Neurofibrosarcoma and Schwannoma

Schwannomas and neurofibrosarcomas are nerve sheath tumors, which means they involve the coating around nerve fibers that transmit messages to and from the brain and spinal cord (nervous system) and the rest of the body. Schwannomas are most often nonmalignant tumors. Neurofibrosarcomas are malignant tumors.

How Schwannomas and Neurofibrosarcomas Develop

Schwannomas form in the tissue that surrounds and insulates nerves. Schwannomas develop when schwann cells -- the cells that form the covering around nerve fibers -- grow abnormally.

Schwannomas typically develop along nerves of the head and neck. A type of schwannoma called vestibular schwannoma (or acoustic neuroma) affects the nerve that connects the brain to the inner ear, which can affect your sense of balance. Although schwannomas do not spread, they can grow large enough to press down on important structures in the brain (including the brain stem).

A very small percentage of nerve sheath tumors are malignant. These are known as malignant peripheral nerve sheath tumors, or neurofibrosarcomas.

Because neurofibrosarcoma originates in nerves, it is considered part of a group of cancers called soft tissue sarcomas. Soft tissue sarcomas are uncommon. They make up less than 1% of all cancers diagnosed each year. Neurofibrosarcomas account for only a small number of these soft sarcomas.

Neurofibrosarcoma is usually found in the arms and legs. However, it also can affect the lower back, head, or neck.

Neurofibrosarcomas can spread along the nerves. They typically don't reach other organs, although they can spread to the lungs.

What Causes Nerve Sheath Tumors?

Doctors don't know what causes most schwannomas and neurofibrosarcomas. However, nerve sheath tumors are more common in people who have the inherited disorder, neurofibromatosis type 1 (previously known as von Recklinghausen disease).

Vestibular schwannomas are linked to neurofibromatosis type 2. Having a genetic disorder called schwannomatosis also can increase the risk for schwannomas. A small percentage of neurofibrosarcomas are related to past radiation exposure.

Nerve sheath tumors are usually diagnosed when people are between the ages of 30 and 50, although these diseases can sometimes affect children and elderly people.

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What Are the Symptoms of Nerve Sheath Tumors?

Symptoms of schwannomas can include:

  • A painless or painful growth or swelling on the face
  • Hearing loss or ringing in the ear (vestibular schwannoma)
  • Loss of coordination and balance (vestibular schwannoma)
  • Numbness, weakness, or paralysis in the face

Symptoms of neurofibrosarcomas can include:

  • Swelling or a lump in the arms or legs
  • Pain or soreness
  • Difficulty using the arms, legs, feet, or hands

How Are Nerve Sheath Tumors Diagnosed?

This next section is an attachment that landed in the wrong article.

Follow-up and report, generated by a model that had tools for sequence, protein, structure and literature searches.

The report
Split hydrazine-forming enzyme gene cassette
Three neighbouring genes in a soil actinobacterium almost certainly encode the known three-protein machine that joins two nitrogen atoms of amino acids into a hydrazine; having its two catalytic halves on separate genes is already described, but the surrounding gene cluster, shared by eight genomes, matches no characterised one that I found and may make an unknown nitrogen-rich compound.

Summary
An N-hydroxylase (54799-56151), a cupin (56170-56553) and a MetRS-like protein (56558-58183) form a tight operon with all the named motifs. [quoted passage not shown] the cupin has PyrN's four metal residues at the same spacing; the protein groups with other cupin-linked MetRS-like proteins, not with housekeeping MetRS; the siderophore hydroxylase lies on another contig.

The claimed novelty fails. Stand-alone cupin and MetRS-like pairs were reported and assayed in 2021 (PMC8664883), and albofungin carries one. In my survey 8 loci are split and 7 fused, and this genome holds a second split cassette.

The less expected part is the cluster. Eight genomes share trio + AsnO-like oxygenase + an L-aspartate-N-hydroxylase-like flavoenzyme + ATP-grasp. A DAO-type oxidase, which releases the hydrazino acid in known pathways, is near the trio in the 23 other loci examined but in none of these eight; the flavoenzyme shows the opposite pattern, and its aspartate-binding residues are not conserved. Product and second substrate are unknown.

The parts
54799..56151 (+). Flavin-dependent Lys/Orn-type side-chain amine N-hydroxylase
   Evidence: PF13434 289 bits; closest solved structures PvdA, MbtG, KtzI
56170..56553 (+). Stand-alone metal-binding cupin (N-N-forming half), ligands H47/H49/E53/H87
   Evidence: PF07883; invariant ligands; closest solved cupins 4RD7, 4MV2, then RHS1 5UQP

Doctors diagnose nerve sheath tumors by doing a physical and neurological (brain and nervous system) examination. Usually they'll also perform imaging tests such as CT or MRI scans to pinpoint the location and size of the tumor. A biopsy (removing a tissue sample and examining it in the lab) can confirm whether the tumor is malignant.

How Are Schwannomas and Neurofibrosarcomas Treated?

Schawnnomas may not need treatment if they are not causing any symptoms. Surgery is sometimes needed if the tumor is pressing on a nerve causing pain or other problems. The most common treatment for neurofibrosarcomas is to remove them with surgery. Radiation therapy is often used after surgery to help decrease the risk of recurrence. However, surgery can be difficult if the tumor is very close to or surrounding an important nerve, because the surgeon could damage the nerve while trying to remove the tumor. In addition to surgery and radiation therapy, chemotherapy may also be needed. When a tumor can't be removed, high-dose radiation therapy may be used to target the tumor.

With neurofibrosarcomas, the doctor will remove the tumor and the tissue around it. Surgeons will try to remove the tumor without damaging too much of the affected arm or leg (called limb-salvage or limb-sparing surgery), but if the tumor can't be removed, the arm or leg might need to be amputated. Radiation and chemotherapy may be done before surgery to shrink the tumor so it can be removed more easily, or after surgery to kill any cancer cells that are left behind.

Schwannomas usually don't come back if they are removed completely. The prognosis after treatment for neurofibrosarcoma depends on the size of the tumor, where it is located, and how far it has spread. Long-term survival can vary from person to person. It's possible for the cancer to return, even after aggressive treatment.

WebMD Medical Reference Reviewed by Jennifer Robinson, MD on November 08, 2016

Sources

SOURCES:

Cincinnati Brain Tumor Center: "Nerve Sheath Tumors."

The University Hospital: "Treatment of NF1."

Children's Hospital Boston: "Peripheral Nerve Sheath Tumor (Neurofibrosarcoma)."

Neville H. Journal of Pediatric Surgery; March 2003.

Acoustic Neuroma Association: "What is Acoustic Neuroma."

National Institute on Deafness and Other Communication Disorders.:"Vestibular Schwannoma (Acoustic Neuroma) and Neurofibromatosis."

Fletcher, Christopher D.M. Diagnostic Histopathology of Tumors, 3rd ed., Philadelphia, Saunders Elsevier; 2007.

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